Legal professional privilege and email advice on redundancy


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The Court of Appeal has held in Curless v Shell International Ltd that an email advising an employer in relation to an employee's possible redundancy was protected by legal advice privilege when the employee sought to rely on the email to bring a claim of disability discrimination and victimisation.

The claimant has a disability.  From 2011 there were concerns about his performance, but the claimant claimed that Shell had subjected him to disability discrimination.  He submitted a claim to the tribunal in 2015 and then raised a grievance complaining of disability discrimination in 2016.  The grievance was heard and an outcome letter received.  Meanwhile in April 2016 Shell announced a programme of voluntary redundancy, and at the end of October 2016 the claimant was given three months' notice of redundancy dismissal.  Around this time he was sent a print out of an email by an anonymous person from Shell's solicitors advising how to conceal his dismissal behind a wider redundancy programme.  The claimant also relied on a conversation that he overheard in the pub between two people who he believed to have been lawyers, referring to a senior lawyer employed by Shell whose days were numbered because Shell planned to use the context of a redundancy exercise to terminate his employment.  The claimant claimed that he had been victimised by Shell for raising complaints of disability discrimination.  At a closed preliminary hearing an employment judge found that the email was subject to legal advice privilege and therefore not admissible.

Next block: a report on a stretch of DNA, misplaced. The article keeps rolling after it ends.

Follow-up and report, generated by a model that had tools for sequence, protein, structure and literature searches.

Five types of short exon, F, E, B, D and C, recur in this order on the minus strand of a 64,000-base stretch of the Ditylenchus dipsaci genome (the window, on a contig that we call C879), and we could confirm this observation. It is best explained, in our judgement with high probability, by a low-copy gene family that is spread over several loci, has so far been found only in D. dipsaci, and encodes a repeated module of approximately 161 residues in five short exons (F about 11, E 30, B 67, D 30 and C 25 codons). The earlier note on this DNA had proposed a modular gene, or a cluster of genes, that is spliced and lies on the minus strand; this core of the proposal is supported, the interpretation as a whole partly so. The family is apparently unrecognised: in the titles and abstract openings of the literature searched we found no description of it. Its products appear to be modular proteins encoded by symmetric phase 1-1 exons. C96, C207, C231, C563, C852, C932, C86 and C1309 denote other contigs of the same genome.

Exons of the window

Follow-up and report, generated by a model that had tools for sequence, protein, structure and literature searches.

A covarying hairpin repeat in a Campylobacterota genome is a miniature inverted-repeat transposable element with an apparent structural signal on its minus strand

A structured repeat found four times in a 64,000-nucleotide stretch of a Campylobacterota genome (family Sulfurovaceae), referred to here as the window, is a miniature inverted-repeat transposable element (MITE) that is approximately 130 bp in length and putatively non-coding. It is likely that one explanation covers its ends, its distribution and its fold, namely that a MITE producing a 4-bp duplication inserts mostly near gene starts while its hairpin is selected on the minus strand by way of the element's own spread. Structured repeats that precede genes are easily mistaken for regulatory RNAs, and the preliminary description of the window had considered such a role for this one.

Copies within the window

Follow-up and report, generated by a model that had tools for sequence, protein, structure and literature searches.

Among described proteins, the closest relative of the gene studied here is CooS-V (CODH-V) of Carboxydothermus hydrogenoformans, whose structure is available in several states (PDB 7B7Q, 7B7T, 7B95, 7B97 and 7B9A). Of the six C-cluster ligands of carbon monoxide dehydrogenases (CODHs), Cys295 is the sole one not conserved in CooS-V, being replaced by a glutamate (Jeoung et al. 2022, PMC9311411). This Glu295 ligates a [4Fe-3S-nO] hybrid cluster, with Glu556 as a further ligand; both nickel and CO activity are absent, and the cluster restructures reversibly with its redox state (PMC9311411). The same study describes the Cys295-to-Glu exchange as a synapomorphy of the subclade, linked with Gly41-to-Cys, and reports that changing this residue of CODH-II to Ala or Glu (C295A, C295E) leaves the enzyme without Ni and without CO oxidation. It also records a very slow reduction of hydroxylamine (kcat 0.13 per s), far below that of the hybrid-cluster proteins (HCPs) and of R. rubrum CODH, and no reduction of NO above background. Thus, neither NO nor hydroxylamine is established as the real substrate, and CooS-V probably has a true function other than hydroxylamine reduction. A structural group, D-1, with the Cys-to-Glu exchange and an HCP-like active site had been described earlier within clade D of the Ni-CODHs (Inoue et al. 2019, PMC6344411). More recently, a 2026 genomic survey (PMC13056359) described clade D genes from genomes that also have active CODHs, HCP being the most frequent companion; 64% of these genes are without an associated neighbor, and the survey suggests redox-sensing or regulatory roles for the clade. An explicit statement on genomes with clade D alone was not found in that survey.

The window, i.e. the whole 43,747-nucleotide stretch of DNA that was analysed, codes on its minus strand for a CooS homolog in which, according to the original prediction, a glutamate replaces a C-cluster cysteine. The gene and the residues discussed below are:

The Employment Appeal Tribunal (EAT) allowed the appeal.  The key question to address was whether the legal advice had simply pointed out the risk of claims if the claimant were selected for redundancy or whether it went further and advised that redundancy could be used as a cloak for dismissing an employee who was troublesome because of his continuing allegations of disability discrimination.  The EAT decided that the latter was the case, and that "...a strong prima facie case has been established...not only [of] an attempted deception of the Claimant but also...deception of an Employment Tribunal...".

The Court of Appeal disagreed, holding that there was no dispute that there had been a significant reorganisation of Shell's legal department, including the loss of some jobs. Shell had sought legal advice on whether, and if so how, the claimant might be either offered voluntary severance or dismissed on the grounds of redundancy in the course of that reorganisation.  This was the sort of conventional advice which employment lawyers gave regularly, and was not advice to act in an underhand or iniquitous way.  The email remained privileged and could not be relied on by the claimant.  As far as the overheard conversation was concerned, the claimant sought to rely on this as an aid to interpreting the disputed email, but there was no evidence that the lawyer in the pub had seen the email.  The advice in the email could not be tainted by a conversation involving gossip from someone else after the event.

Take note:  The Court of Appeal's decision means that employers (and their lawyers!) can breathe a sigh of relief.  When the case was heard by the EAT it stated that although it was safe to advise that a certain course of action runs a risk of being held unlawful, advice that such action can actually be taken would not be privileged.  Now it is clear that such advice will also be privileged, and will not be disclosable in tribunal proceedings.

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